Wintry weather will return for an extended stay

02/22/2014 4:57 PM

05/08/2014 10:04 AM

Don’t put those winter clothes away just yet, Kansas.

If last Thursday’s snow flurries, wind gusts that knocked down power lines and sharp plunge in temperatures wasn’t enough of a reminder, a cold spell is poised to settle in early this week and stick around through at least early March, forecasters say.

“It looks like it’s going to remain cold at least for the foreseeable future,” said Sarah Glenn, storm warning meteorologist for AccuWeather in Wichita.

Consider it the latest verse of a song folks in the eastern half of the U.S. have heard entirely too often this winter: High pressure in Alaska and the western half of Canada will push harshly cold Arctic air into the upper Midwest and eastern portions of the U.S., said Larry Ruthi, meteorologist-in-charge of the Dodge City branch of the National Weather Service.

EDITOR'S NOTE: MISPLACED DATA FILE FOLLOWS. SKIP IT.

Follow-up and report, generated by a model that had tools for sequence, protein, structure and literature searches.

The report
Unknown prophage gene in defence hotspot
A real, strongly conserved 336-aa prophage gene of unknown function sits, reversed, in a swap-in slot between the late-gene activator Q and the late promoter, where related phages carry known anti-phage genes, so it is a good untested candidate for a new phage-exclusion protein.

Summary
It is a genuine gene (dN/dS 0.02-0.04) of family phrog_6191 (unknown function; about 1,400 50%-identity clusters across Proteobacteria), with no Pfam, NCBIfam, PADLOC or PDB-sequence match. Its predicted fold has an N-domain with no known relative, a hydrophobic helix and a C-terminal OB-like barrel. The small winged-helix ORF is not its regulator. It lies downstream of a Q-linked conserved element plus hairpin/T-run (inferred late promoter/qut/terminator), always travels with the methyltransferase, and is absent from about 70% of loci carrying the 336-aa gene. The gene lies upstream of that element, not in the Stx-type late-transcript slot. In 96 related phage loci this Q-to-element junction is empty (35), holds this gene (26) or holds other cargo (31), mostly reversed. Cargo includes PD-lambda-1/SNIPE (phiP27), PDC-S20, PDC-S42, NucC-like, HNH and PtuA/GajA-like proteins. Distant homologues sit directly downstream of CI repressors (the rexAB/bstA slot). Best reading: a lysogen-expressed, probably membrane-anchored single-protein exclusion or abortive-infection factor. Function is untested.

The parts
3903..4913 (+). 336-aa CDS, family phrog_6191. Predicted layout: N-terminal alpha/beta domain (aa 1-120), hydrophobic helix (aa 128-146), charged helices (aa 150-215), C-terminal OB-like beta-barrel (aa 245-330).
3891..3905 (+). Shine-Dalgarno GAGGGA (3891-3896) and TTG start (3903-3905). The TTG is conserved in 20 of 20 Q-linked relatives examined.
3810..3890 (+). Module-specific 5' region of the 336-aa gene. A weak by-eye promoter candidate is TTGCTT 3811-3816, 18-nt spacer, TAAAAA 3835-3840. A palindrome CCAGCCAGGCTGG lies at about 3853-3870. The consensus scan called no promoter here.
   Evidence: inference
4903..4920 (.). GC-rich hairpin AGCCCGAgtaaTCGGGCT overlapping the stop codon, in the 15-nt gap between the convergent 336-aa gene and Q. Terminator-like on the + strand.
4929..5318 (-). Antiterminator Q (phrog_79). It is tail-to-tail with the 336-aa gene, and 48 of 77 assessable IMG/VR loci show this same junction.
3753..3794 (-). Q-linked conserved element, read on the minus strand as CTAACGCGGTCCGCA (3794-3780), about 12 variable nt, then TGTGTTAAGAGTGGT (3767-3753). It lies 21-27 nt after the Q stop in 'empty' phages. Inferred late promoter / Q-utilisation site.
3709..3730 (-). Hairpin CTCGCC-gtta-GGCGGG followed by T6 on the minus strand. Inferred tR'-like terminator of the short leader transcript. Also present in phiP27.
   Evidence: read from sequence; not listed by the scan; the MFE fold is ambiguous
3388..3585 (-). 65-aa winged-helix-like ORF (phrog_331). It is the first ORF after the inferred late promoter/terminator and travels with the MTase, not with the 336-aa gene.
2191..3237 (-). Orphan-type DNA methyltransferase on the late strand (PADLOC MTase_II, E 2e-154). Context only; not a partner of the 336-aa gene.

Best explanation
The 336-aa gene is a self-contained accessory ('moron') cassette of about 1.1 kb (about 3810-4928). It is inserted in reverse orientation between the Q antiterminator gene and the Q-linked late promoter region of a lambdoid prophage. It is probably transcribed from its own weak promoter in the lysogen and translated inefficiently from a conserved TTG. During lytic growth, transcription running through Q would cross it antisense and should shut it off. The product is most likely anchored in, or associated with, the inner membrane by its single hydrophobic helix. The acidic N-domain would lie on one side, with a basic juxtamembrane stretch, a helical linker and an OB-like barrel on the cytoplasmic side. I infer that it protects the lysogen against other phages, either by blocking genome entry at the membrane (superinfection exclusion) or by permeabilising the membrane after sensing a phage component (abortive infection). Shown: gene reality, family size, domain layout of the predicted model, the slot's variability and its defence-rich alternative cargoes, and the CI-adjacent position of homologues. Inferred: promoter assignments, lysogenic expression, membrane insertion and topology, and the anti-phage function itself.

“The bulk of the really cold air is going to stay east of us,” Ruthi said.

But Wichita and most of Kansas can nevertheless expect temperatures below normal for the latter part of February and early March, forecasters say. More snow is likely, too.

Wichita has recorded 19.4 inches so far this winter, while Dodge City has logged 23.4 inches.

“I’m certainly ready” for spring, weatherman Ruthi said. “I’m sick of snow.”

But that snow – with more likely to come – is welcome moisture for farmers in the region, he said.

The Climate Prediction Center outlook suggests colder-than-average temperatures through at least mid-March, Ruthi said, and it’s even possible Kansas could see snow over spring break.

Average highs by late February have climbed above 50 in Wichita, and forecasts call for temperatures below that for the next week – at times several degrees below normal.

Nothing in the climate models suggests a late-season howitzer such as the two massive snowstorms less than a week apart in late February last year. Two snowstorms only four days apart dumped 21 inches of snow on Wichita.

But folks eager to start working in the garden had best bide their time, forecasters warn.

“I would not expect an early spring,” Ruthi said.

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